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Cranfield University 2021. The Soils Guide. Available: Cranfield University, UK. Last accessed 01/12/2021


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Soil and site characteristics

Slowly permeable seasonally waterlogged reddish coarse loamy over clayey soils. Associated with deep sandy soils affected by groundwater some with a bleached subsurface horizon.


Reddish till and glaciofluvial sand

Cropping and Land Use

Arable cropping, dairying on short term grassland.

Component soil series

Subgroup Series name Percentage WRB 2006 link
7.11 RUFFORD 55% Chromic Eutric Luvic Planosols
8.21 BLACKWOOD 25% Arenic Mollic Gleysols
6.41 SOLLOM 20% Endogleyic Albic Carbic Podzols

Covers 117 km2 in England and Wales

Soilscapes Classification

Slowly permeable seasonally wet slightly acid but base-rich loamy and clayey soils



Detailed Description

The Rufford association occurs in Lancashire, Cheshire, Shropshire and Warwickshire where shallow glaciofluvial deposits overlie reddish till. It is found on flat or gently sloping land, at heights between 7 and 75 m O.D. The main soil is the Rufford series, typical stagnogley soils, with coarse loamy upper horizons over reddish clayey till. The Blackwood series, typical sandy gley soils, and the sandy Sollom series, typical gley-podzols, each occupy about one-fifth of the association. The Rufford association has been previously mapped in Cheshire (Furness 1978) and similar soils were described as Astley Hall association in Lancashire (Hall and Folland 1970). Around Ormskirk and south-west of St Helens the soils are formed in the Shirdley Hill Sand overlying till. This aeolian sand varies in depth and locally is greater than 80 cm thick, giving deep sandy soils of the Sollom and Blackwood series. Similarly in Cheshire and Warwickshire where the thickness of glaciofluvial drift is variable pockets of deep sandy loam Arrow and Quorndon series are included. Salwick and Astley Hall series (Beard 1984) are occasionally important associates where slopes are greater than 7° and excess water can be shed laterally downslope through the coarse upper layers. In Cheshire and Warwickshire Salop series is almost always present and locally these heavy soils are dominant. Between Nantwich and Crewe the unit includes occasional clayey Crewe soils developed in stoneless glaciolacustrine deposits.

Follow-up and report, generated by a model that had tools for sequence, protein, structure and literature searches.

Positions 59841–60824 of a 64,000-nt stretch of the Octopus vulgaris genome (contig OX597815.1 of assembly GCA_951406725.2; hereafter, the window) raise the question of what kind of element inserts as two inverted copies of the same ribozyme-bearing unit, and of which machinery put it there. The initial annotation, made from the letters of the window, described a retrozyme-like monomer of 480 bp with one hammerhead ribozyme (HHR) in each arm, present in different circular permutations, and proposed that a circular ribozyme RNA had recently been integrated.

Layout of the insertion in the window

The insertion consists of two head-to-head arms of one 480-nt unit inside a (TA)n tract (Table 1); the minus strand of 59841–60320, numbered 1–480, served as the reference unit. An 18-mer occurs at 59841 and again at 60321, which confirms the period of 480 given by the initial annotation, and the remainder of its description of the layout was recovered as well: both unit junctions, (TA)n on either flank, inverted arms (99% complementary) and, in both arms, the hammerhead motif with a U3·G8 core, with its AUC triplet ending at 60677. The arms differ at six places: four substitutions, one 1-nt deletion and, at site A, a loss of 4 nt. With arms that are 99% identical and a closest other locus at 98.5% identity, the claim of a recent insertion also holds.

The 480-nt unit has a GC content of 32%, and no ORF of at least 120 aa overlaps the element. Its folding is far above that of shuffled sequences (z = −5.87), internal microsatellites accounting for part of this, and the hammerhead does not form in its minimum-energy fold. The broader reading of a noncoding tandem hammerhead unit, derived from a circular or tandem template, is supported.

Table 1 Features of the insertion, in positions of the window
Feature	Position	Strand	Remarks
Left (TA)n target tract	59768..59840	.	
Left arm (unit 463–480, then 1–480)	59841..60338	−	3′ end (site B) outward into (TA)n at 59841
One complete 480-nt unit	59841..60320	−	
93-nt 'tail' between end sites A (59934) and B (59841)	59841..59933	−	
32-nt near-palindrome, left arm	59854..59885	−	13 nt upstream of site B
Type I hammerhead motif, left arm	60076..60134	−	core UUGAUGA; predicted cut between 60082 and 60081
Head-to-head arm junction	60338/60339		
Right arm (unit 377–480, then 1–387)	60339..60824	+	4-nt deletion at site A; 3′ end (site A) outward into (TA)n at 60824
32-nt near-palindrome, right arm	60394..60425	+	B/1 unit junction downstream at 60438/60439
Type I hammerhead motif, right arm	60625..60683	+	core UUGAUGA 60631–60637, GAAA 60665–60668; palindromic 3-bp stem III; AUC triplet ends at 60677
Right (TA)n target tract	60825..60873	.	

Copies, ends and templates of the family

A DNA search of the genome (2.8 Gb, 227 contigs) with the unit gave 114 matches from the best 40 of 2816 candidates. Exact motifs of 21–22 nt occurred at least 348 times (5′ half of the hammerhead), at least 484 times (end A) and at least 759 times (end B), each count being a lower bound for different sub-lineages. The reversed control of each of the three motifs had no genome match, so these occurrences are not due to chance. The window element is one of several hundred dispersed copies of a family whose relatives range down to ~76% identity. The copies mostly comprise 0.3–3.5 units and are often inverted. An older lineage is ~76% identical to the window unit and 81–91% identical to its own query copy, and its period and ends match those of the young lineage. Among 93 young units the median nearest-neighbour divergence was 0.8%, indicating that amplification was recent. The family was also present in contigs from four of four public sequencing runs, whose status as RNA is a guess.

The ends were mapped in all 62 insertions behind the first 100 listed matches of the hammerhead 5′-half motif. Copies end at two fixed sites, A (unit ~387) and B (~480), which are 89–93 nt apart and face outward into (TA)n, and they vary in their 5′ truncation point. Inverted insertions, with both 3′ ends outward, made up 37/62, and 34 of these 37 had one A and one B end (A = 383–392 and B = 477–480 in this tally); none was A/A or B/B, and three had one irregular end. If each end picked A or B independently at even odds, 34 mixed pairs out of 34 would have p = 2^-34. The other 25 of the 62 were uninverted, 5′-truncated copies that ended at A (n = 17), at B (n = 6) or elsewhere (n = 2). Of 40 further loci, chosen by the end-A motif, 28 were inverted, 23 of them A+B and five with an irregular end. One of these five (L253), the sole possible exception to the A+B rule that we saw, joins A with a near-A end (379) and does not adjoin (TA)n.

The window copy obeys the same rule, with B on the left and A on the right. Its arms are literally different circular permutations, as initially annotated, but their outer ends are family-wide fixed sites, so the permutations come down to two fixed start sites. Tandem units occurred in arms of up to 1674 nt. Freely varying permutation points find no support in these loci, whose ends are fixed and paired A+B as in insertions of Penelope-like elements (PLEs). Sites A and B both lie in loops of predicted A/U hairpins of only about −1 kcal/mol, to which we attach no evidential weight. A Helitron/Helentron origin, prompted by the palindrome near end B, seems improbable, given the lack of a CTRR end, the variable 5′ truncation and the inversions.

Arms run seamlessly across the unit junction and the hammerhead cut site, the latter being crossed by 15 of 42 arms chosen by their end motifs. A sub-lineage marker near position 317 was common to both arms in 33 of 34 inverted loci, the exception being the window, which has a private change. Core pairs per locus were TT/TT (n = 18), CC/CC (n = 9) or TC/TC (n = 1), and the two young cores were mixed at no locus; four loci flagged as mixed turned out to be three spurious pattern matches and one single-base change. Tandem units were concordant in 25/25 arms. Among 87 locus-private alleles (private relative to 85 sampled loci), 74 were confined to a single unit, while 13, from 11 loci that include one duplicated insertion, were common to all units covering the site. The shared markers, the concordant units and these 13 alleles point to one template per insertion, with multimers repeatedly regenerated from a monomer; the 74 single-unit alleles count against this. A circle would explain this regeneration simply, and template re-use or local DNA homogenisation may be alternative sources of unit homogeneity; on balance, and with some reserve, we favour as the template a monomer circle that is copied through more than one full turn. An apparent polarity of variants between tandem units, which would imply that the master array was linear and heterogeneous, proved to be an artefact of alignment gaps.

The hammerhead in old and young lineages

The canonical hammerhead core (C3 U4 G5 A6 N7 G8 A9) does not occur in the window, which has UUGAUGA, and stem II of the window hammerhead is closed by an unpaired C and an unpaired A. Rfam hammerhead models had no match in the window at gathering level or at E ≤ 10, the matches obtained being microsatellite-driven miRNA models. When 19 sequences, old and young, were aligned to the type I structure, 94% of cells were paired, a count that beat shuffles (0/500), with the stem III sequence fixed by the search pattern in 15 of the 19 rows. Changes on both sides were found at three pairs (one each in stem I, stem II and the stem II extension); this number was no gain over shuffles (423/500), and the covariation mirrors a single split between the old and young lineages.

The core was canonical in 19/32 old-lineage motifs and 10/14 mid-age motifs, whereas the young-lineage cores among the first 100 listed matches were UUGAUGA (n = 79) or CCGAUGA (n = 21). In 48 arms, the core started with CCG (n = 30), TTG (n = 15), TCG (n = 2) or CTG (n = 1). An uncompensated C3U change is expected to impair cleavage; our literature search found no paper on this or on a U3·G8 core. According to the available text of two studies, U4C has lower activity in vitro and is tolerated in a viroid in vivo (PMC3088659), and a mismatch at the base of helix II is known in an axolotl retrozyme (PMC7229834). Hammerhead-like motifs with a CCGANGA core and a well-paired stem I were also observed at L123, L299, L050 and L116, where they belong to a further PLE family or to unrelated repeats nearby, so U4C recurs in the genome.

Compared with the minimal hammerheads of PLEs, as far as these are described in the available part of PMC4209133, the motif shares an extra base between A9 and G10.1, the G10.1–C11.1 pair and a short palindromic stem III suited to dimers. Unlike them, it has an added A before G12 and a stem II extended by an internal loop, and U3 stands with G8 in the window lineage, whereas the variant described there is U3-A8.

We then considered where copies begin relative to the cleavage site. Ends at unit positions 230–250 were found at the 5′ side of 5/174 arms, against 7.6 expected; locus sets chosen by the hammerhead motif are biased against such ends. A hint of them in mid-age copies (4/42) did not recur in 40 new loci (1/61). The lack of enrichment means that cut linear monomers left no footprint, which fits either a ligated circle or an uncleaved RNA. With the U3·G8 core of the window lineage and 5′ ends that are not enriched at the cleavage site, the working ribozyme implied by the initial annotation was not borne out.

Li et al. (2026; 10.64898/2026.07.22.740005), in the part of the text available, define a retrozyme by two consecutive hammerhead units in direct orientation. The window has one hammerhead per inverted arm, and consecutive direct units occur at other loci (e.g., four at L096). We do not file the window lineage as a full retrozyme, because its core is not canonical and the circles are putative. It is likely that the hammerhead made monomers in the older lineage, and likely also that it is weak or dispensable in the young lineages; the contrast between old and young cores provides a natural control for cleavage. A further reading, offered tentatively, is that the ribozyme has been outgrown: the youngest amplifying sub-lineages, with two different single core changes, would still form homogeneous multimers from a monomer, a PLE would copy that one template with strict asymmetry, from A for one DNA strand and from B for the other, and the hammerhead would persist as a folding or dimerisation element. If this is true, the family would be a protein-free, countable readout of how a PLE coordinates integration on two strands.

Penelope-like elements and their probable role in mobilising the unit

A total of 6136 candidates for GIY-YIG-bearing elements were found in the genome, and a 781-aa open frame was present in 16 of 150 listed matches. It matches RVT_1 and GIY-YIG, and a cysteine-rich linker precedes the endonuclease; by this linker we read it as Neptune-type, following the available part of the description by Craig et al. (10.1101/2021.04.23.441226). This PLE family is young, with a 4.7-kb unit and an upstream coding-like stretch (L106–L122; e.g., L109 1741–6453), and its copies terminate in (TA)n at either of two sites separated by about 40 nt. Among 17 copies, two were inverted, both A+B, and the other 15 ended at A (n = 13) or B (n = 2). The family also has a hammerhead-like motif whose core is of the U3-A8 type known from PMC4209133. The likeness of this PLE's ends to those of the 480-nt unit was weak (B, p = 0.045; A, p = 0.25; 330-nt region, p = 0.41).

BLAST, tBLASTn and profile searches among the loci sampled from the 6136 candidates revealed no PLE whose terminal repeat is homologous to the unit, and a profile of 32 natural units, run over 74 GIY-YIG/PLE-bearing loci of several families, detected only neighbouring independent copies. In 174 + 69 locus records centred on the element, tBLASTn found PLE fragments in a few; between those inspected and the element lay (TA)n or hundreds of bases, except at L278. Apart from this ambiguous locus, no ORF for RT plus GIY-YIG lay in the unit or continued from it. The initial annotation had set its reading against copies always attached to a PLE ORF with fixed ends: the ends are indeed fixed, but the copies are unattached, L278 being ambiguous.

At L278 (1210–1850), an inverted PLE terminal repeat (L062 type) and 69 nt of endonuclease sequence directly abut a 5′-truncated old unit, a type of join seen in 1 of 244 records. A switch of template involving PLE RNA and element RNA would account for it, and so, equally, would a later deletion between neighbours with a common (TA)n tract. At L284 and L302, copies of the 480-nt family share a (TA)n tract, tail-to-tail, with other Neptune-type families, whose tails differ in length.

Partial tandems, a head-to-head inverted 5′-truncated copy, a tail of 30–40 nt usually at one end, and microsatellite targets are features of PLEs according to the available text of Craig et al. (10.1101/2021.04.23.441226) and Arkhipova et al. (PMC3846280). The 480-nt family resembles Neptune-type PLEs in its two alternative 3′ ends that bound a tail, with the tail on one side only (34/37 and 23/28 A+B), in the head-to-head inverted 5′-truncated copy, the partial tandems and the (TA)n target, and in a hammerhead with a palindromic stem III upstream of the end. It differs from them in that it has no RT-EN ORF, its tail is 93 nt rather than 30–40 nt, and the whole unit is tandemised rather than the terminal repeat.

Soil Water Regime

Because of the flatness of the ground and the slowly permeable subsoil, the Rufford series is seasonally waterlogged (Wetness Class III, where there are less than about 175 field capacity days, and Wetness Class IV where there are more). The waterlogging in the permeable upper horizons can be easily improved by drainage measures but the rate of water movement through the dense clayey subsoil is not easily improved. The sandy Sollom and Blackwood soils with their extremely permeable profiles, are very responsive to drainage measures and will normally be effectively drained (Wetness Class I). Soil variation, often within a single field, however, is such that careful investigation is necessary before drainage is installed. Winter rain is readily absorbed.

Cropping and Land Use

Most of the land is under mixed arable and grassland but in Cheshire grassland predominates, reflecting the importance of dairy farming there. In Lancashire these coarse easily worked soils are mainly in cultivation, especially where adjacent to the Sollom association. Autumn ploughing is essential and, although Rufford soils lie waterlogged during the winter, with careful timing of cultivations they can grow a wide range of crops. The land is never more than slightly droughty in a normal year, since the underlying clay provides a reserve of moisture, enabling growth to continue in dry spells after crops on nearby deep sandy soils have suffered a check. The soils are fertile if nutrient and organic matter levels are maintained.